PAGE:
Miriam: I have a funny story. I was overhearing an interview that my husband was on and my husband didn't speak during the interview. He was eventually hired for the job, but I was laughing in the other room when I was listening to his manager interview him. Air quotes again because he did an interview. He literally talked the entire time and my husband barely got a word in edgewise to like, kind of show. He was qualified for the position and he was a good guy. It was the most bizarre. And we're talking this is like a national company. My husband's like, Well, how'd I do? And I was like, You didn't talk. You did an interview. Like, I'm literally sitting here blown away right now. So it's a really good point that you definitely need to managers need to be trained on how to do this the right way because it can go a lot of different directions really fast.
Tom: Now, the ones that I worry about most are those small businesses 25, 40 people, 60 people don't have an HR presence. They don't have somebody who has that HR Knowledge or even knows that that and for me, it's like you think about what you know and what you don't know and this falls into that. What you don't know, you don't know for those small businesses and all the headaches and troubles that can be stumbling into so this is great insight for all of them. So, John, I want to go off script here. One of the questions that has popped into my head is Miriam was saying she had a funny story. I know a lot of HR folks talk about writing a book, having their own stories written in in terms of the odd things that they have had happen or seen or witnessed. I'm just curious, from your standpoint, what's the first story you're starting with?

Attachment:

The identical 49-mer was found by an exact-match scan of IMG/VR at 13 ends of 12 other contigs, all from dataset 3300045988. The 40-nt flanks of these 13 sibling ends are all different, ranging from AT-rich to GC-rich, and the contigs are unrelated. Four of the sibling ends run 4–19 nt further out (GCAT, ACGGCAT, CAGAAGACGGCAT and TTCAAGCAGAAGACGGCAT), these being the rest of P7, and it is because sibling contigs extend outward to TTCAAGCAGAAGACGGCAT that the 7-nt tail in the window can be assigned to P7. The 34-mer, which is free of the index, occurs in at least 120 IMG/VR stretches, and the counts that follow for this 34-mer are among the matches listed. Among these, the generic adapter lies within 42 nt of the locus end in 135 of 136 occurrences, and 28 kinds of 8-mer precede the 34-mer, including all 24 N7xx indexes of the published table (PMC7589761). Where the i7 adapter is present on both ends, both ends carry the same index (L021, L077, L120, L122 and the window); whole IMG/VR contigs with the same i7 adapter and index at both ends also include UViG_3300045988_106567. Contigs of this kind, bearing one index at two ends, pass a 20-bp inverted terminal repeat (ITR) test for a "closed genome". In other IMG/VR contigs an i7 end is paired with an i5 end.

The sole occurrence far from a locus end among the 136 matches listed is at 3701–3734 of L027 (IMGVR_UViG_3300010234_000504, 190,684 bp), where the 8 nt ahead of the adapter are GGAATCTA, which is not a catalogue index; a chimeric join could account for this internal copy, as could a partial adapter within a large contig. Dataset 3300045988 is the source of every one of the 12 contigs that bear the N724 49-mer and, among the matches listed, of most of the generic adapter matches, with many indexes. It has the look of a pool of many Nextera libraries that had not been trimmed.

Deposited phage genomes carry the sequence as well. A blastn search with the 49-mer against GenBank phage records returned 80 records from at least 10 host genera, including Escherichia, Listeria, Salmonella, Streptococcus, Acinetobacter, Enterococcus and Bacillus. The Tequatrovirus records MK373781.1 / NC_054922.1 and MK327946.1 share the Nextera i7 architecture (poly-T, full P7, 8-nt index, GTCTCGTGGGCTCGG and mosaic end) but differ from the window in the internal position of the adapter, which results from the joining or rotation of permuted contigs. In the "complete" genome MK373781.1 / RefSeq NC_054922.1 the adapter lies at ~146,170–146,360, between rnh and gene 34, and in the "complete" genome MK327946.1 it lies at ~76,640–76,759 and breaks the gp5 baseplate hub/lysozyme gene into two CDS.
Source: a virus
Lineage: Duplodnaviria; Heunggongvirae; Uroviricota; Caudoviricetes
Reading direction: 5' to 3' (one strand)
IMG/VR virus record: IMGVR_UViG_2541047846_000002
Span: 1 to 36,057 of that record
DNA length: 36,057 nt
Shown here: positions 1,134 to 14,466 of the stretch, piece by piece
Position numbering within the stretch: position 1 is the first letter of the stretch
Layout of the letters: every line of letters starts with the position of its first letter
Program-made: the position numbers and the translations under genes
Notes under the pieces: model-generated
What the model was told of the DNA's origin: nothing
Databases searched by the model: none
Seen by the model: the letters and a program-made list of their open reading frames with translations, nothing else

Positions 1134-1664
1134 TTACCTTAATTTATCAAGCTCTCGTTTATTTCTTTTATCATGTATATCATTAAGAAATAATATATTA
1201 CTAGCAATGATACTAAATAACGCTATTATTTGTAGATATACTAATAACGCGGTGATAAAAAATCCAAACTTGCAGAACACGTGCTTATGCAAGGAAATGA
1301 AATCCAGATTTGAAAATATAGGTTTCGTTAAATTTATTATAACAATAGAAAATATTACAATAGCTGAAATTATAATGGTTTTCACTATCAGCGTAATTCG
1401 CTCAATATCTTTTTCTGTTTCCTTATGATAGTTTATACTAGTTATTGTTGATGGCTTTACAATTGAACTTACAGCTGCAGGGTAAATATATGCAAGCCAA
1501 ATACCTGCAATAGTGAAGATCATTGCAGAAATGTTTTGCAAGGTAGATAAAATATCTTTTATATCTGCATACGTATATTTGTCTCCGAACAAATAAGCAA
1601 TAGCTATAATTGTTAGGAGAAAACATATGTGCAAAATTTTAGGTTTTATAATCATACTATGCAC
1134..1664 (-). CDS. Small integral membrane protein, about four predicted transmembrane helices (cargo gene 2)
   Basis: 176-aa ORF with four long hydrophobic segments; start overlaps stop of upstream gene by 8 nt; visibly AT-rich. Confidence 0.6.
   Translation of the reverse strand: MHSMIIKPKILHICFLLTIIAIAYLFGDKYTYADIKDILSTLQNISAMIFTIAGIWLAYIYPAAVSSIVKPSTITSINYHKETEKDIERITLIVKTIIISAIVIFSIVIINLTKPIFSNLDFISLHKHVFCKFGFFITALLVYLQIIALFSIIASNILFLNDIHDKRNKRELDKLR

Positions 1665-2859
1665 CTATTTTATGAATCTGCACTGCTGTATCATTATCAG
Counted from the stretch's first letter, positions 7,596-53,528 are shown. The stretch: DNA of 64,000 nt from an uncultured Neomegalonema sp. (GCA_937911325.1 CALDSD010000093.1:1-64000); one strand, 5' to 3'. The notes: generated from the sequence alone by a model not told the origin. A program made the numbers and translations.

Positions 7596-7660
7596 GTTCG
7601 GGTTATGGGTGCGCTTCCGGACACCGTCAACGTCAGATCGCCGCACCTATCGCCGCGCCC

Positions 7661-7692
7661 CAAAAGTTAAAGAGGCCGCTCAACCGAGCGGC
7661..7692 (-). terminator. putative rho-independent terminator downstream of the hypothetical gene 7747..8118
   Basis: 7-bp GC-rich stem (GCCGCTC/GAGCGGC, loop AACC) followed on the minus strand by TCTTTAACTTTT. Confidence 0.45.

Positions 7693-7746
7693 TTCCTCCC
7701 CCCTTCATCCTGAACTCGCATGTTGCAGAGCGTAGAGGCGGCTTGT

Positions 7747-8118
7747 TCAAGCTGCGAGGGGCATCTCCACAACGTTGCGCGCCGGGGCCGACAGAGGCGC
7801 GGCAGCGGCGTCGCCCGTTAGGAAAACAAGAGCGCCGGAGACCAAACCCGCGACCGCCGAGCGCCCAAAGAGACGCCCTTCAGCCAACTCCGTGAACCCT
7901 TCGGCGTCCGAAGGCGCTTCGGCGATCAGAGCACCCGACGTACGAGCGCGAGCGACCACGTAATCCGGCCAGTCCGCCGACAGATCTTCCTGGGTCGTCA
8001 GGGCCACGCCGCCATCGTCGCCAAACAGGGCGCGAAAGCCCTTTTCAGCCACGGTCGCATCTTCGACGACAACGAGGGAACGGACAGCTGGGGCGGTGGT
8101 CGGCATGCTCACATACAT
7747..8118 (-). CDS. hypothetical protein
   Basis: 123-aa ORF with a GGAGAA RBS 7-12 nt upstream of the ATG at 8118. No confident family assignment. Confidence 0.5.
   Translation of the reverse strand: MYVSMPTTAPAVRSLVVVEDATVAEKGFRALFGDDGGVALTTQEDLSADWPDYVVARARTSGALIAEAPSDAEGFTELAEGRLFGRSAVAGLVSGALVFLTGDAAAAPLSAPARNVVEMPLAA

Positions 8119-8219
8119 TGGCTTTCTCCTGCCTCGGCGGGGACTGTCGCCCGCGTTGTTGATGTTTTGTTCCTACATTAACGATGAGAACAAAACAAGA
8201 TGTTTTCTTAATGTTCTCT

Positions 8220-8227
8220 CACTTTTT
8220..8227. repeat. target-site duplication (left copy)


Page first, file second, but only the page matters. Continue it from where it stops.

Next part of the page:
John: Oh, there are so many. I'll tell you one that stands out because it goes back a few years where they had a client had an employee who did not report to work and when they finally made contact with her, she requested FMLA to care for her husband. And what we ended up learning is that the reason she didn't report to work is that she was in jail. And the reason she was in jail is because she stabbed her husband.
Miriam: Well, there you go.
John: And she was seeking leave to care for the husband that she stabbed. Now, mind you, she may have been eligible, but for the fact that she had lied to us about the reason for her absence and in fact, had been in jail, and as a result, she was terminated because she had lied about the reason why she had been absent.
Miriam: But I got to say, I actually give her a lot of points for creativity on that one. So in closing, we always are curious about how people stay educated and stay on top of things. Is there any good HR article or book or podcast that comes to mind that you either are a regular subscriber of or just something that you've come in contact with more recently that you might recommend to others, especially, obviously, people in the HR and business owner circles.